The Urban Institute (UI) says it appears that the current sellers' market is having a negative impact on government backed loans and the borrowers who need to use them. In an article posted on UI's Urban Wire blog, Janneke Ratcliffe and Laurie Goodman write that, while soaring home prices and historically low inventories of available homes have been good for sellers, many of them are unwilling to accept offers backed by FHA or VA financing.
In a recent survey of agents conducted by the National Association of Realtors (NAR) found 89 percent of sellers would be likely to accept an offer from a buyer with conventional financing, but only 30 percent if the buyer were using a government-backed loan. Six percent would not even consider such an offer.
UI says that data collected through the Home Mortgage Disclosure Act (HMDA) data shows that such flat-out rejection of VA and FHA financing disadvantages households with lower incomes, lower credit scores, and less wealth, many of whom are persons of color. This is likely to exacerbate the existing racial homeownership gap.
The UI analysts calculated the share of government and government-sponsored enterprise (GSE) purchase loan originations over the past 4.5 years. They did not include bank portfolio loans and private-label securities due to a lack of complete data for them.
Between mid-2017 and May 2020, the FHA share of purchase originations ranged from 21.5 to 24.0 percent of the agency market, an average of 22.8 percent. The number, however, has dropped to 18.9 percent in April and May. The VA share averaged a steady 11.5 percent over that early period but dropped to 10.3 percent in those two months. Though a piece of the decline might be due to home values rising above FHA loan limits, those limits increased in January 2021, while the FHA and VA shares continued to drop.
The latest available HMDA purchase data (2019) shows a much higher share of FHA and VA borrowers were Black or Hispanic compared to conventional borrowers, in some cases more than a 10 point difference. Also, 41.9 percent of FHA borrowers and 36.3 percent of VA borrowers were younger than 35, compared with 33.6 percent of conventional mortgage borrowers.
In its survey of loan types, NAR asked agents what makes FHA and VA loans "less attractive" to sellers than conventional loans. Home inspection requirements topped the list, followed by appraisal issues, longer time to close, and low down payments.
Government loans require property inspections to detect health, safety, and security risks such as lead paint, failing roofs, or appliances nearing the end of useful live. Inspections are not required for conventional loans, and in a tight market many buyers chose to forego them or use them only for informational purposes.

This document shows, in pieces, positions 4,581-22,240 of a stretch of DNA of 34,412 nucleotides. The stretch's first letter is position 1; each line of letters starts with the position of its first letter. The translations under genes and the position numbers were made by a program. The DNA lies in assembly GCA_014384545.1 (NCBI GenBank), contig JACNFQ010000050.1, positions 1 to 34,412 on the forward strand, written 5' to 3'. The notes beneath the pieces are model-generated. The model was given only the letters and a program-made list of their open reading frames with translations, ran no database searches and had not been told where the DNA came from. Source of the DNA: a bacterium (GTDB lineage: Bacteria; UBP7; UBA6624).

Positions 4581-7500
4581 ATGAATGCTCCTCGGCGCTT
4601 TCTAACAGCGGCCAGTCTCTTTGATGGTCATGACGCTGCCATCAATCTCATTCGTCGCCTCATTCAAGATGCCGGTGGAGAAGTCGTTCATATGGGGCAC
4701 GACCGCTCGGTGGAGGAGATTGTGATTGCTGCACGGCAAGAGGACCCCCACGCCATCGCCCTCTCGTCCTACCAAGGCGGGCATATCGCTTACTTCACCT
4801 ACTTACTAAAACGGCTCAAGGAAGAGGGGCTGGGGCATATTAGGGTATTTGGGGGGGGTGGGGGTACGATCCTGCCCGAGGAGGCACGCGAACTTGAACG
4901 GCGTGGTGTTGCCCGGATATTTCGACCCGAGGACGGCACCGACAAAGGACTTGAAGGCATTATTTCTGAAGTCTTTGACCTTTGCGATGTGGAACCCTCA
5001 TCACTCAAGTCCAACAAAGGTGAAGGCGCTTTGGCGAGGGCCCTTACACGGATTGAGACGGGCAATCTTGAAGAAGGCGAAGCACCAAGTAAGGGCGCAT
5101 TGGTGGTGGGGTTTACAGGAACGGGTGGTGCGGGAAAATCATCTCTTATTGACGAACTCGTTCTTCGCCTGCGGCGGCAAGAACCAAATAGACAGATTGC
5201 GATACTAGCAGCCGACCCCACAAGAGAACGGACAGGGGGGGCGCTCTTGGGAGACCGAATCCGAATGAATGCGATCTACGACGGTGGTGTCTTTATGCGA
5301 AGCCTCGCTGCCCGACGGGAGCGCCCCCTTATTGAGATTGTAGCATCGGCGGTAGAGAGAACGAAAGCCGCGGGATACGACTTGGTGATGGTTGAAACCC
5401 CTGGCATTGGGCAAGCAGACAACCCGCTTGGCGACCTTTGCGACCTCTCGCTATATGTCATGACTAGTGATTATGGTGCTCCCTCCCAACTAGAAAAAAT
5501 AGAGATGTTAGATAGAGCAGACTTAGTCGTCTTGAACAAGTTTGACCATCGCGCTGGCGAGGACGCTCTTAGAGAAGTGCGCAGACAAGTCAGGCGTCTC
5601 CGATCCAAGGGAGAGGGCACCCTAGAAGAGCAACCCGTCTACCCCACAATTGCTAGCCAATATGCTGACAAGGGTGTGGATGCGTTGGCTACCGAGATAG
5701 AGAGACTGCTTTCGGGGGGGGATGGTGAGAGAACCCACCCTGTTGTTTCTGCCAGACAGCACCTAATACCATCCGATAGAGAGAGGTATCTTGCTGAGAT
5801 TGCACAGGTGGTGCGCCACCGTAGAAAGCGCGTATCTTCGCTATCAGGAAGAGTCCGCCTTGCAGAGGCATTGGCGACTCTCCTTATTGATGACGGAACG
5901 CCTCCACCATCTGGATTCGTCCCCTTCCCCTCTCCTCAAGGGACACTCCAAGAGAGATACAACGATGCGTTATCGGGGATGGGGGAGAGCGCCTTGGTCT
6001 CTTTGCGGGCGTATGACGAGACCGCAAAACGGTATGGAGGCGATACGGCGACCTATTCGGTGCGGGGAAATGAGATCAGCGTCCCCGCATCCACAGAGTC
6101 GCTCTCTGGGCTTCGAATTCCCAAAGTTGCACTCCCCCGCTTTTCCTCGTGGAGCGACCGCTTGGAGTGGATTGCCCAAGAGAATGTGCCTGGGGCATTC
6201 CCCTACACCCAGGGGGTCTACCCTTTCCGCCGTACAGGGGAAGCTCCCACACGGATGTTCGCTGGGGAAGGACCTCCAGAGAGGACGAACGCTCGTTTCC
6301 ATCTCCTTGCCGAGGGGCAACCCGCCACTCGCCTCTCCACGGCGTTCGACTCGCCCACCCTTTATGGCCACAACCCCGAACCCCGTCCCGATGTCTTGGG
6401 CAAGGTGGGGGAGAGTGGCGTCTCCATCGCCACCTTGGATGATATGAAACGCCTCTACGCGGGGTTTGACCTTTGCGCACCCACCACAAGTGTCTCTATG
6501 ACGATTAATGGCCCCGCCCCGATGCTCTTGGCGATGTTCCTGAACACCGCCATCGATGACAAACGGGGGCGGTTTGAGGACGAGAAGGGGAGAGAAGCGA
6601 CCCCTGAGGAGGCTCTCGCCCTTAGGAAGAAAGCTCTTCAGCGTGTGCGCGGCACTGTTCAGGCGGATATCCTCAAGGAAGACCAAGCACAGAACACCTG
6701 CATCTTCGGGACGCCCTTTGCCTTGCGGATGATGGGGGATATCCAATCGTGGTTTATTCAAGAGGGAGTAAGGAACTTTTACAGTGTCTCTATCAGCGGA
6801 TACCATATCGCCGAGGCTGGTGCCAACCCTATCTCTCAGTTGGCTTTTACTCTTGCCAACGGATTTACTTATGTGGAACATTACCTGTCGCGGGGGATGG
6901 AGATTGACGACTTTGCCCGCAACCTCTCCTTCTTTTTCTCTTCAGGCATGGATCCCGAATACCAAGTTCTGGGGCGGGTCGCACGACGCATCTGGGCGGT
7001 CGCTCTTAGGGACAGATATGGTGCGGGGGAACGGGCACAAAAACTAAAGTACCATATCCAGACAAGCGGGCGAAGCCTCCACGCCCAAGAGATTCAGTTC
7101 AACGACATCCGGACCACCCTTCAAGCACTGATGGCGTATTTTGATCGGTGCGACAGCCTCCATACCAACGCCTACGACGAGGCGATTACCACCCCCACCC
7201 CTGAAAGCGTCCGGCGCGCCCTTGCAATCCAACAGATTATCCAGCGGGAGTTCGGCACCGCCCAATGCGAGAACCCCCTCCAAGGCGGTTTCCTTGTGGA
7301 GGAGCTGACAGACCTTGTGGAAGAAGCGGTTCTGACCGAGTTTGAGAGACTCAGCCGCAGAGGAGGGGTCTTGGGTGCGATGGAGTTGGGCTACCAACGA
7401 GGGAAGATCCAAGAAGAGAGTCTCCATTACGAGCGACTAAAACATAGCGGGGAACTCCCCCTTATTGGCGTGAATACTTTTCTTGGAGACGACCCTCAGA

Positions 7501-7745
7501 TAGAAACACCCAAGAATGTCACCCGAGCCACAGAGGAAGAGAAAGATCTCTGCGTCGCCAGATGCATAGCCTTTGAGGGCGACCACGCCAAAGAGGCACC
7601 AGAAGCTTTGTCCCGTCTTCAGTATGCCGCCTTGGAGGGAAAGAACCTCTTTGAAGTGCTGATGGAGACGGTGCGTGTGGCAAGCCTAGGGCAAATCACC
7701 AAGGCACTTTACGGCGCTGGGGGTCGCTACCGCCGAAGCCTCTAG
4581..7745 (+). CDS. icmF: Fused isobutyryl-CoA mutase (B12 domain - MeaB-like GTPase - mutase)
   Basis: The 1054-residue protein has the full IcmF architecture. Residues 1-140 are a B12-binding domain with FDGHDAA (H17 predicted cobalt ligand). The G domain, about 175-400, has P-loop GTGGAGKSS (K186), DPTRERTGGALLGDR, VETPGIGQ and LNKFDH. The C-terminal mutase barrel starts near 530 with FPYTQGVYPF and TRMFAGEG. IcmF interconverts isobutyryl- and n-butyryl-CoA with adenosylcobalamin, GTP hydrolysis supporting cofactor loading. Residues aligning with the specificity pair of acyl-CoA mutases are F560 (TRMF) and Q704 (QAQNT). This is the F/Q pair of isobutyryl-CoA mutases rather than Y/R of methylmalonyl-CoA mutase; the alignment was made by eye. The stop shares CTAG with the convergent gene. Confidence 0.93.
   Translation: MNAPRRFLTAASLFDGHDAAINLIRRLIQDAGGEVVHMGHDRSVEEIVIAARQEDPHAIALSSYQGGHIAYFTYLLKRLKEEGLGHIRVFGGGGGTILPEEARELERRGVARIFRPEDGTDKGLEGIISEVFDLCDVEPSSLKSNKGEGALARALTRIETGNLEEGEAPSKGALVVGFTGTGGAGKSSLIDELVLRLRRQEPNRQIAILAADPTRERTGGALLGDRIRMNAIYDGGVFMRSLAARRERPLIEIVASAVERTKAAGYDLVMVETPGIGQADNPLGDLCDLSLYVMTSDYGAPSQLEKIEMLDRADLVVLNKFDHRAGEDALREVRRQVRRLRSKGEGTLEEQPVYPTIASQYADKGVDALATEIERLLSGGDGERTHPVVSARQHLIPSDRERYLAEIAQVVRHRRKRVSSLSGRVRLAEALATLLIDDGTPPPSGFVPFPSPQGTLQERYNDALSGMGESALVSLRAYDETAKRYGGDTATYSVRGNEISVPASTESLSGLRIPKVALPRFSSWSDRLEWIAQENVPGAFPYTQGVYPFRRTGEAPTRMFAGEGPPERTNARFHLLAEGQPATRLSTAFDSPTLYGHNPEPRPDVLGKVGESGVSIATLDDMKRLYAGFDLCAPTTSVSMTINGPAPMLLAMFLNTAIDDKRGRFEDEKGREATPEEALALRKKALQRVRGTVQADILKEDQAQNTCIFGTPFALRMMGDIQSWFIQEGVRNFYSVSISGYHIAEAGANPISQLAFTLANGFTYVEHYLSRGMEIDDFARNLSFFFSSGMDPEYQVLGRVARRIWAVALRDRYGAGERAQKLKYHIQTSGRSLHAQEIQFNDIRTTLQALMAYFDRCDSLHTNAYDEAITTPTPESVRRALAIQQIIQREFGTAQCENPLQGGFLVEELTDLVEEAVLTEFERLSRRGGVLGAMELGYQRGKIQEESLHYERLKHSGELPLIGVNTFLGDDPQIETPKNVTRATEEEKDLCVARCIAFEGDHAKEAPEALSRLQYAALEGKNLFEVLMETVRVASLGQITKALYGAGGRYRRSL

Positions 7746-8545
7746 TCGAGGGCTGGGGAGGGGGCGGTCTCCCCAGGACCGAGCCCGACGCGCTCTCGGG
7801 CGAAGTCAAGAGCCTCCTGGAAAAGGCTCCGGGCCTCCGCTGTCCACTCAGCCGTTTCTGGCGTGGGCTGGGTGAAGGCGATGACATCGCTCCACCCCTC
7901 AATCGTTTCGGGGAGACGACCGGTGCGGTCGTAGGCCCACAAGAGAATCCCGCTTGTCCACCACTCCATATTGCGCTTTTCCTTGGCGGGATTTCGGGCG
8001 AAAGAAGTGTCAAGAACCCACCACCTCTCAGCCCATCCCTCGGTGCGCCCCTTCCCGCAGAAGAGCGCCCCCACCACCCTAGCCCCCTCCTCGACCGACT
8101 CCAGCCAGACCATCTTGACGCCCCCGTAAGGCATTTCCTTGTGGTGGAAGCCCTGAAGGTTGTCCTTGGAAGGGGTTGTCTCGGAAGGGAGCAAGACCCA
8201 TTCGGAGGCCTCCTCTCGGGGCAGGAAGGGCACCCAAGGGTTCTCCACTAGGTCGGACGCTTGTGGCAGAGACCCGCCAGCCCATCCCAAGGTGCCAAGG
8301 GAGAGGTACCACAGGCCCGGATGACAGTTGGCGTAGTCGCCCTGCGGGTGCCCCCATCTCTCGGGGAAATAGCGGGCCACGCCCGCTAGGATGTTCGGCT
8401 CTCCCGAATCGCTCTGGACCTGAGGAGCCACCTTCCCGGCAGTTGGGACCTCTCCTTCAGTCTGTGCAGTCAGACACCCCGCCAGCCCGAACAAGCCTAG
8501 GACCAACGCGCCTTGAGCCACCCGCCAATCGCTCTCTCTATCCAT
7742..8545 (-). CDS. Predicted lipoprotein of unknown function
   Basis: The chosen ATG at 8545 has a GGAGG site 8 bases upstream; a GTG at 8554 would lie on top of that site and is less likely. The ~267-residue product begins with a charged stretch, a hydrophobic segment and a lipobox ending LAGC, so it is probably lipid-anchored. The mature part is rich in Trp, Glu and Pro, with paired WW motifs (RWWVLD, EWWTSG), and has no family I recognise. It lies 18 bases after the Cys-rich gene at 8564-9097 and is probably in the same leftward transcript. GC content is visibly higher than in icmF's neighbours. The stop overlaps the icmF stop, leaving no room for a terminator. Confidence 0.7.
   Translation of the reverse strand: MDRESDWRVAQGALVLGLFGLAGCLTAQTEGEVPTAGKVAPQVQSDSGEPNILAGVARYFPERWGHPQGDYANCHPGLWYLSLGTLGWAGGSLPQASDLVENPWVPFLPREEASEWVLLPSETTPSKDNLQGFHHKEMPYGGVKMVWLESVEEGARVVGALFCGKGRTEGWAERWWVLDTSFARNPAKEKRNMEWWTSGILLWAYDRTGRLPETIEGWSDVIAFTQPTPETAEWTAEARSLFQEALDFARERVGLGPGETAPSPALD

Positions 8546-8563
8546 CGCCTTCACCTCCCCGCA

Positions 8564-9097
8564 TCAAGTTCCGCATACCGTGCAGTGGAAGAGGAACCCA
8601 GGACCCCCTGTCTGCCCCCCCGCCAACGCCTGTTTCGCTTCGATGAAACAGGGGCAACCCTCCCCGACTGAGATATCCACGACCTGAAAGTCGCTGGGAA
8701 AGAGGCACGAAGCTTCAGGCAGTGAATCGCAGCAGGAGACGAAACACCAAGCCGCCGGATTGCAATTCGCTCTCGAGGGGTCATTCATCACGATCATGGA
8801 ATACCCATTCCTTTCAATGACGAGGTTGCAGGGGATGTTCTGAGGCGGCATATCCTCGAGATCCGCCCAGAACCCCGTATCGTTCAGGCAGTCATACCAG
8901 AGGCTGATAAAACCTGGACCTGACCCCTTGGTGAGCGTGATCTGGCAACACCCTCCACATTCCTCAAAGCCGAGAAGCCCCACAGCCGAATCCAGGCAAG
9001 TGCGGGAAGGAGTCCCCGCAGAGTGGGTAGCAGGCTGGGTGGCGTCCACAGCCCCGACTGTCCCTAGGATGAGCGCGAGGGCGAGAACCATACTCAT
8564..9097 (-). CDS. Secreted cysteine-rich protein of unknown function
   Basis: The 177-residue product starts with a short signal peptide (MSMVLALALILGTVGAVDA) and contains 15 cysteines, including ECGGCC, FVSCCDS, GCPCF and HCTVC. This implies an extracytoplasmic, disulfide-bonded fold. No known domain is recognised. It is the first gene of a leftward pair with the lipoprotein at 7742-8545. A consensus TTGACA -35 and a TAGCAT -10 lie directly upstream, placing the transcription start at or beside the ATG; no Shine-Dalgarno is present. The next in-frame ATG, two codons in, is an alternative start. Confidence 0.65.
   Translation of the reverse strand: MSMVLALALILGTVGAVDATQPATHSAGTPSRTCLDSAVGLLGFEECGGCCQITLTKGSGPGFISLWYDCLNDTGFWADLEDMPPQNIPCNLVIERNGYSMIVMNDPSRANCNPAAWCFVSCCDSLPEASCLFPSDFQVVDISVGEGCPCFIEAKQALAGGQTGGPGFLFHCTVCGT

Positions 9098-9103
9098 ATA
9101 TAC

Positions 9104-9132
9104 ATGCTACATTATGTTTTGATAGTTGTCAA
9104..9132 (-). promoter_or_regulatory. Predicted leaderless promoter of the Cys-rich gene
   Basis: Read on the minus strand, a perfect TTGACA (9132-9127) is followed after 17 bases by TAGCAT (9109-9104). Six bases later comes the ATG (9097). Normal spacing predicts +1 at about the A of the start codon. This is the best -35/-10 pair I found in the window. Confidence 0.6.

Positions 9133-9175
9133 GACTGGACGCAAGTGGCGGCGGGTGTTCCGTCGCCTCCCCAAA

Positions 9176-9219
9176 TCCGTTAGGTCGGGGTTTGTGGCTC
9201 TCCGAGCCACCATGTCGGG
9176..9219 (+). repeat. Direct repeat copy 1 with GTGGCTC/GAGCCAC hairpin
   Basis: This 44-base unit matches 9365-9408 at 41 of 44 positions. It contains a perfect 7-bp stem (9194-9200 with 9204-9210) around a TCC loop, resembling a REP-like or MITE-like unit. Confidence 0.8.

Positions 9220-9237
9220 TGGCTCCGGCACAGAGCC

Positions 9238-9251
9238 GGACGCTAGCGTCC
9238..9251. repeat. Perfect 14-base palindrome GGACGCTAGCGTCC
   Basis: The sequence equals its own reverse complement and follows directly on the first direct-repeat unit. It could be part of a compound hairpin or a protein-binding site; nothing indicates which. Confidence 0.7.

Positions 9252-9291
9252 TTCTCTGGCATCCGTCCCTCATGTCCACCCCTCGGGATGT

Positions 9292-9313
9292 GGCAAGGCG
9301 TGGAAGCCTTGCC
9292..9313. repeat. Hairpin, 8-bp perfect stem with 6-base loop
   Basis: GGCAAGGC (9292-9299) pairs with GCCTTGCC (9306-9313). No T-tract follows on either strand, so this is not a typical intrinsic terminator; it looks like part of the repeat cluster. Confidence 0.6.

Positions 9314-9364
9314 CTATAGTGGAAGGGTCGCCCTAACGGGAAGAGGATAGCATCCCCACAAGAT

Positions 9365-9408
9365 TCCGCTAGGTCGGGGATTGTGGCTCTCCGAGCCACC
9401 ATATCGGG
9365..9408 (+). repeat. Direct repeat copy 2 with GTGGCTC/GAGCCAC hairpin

When a home is appraised for less than the agreed-upon price, FHA and VA require that the seller must reduce the purchase price to match the appraisal and if the deal falls apart, the appraisal stays with the home for 120 days. With conventional financing, the parties can renegotiate the price and the buyer can make up the difference if he/she chooses.
Government loans are slower to close, often because of needed repairs. According to Ellie May, it took an average 57 or 58 days to close FHA or VA purchase loans in the first three months of this year compared to 51 days for conventional loans.
Conventional loans typically require either a 20 percent down payment or private mortgage insurance, while government-backed loans allow lower down payments, a big reason they are used disproportionately by first-time, low-wealth, and younger borrowers. The authors question why a low down payment would be a concern for sellers, but they may view it as a proxy for certainty of closing.
Ratcliffe and Goodwin say there are several things the federal government could do to level the playing field and make first-time borrowers, borrowers of color, or with less wealth, more competitive in the housing market. First, the rules for FHA and VA could be more closely aligned with those of Fannie Mae and Freddie Mac. The Department of Housing and Urban Development (HUD) and the VA could consider either eliminating the home inspection or making it less prescriptive and they could consider more flexible appraisal requirements, again more akin to those for GSE mortgages.
The authors conclude that, "Reducing these barriers can help government borrowers gain more equal footing with conventional borrowers. It is just one of many steps that could shrink the racial homeownership gap and make the mortgage market fairer and more equitable for all borrowers."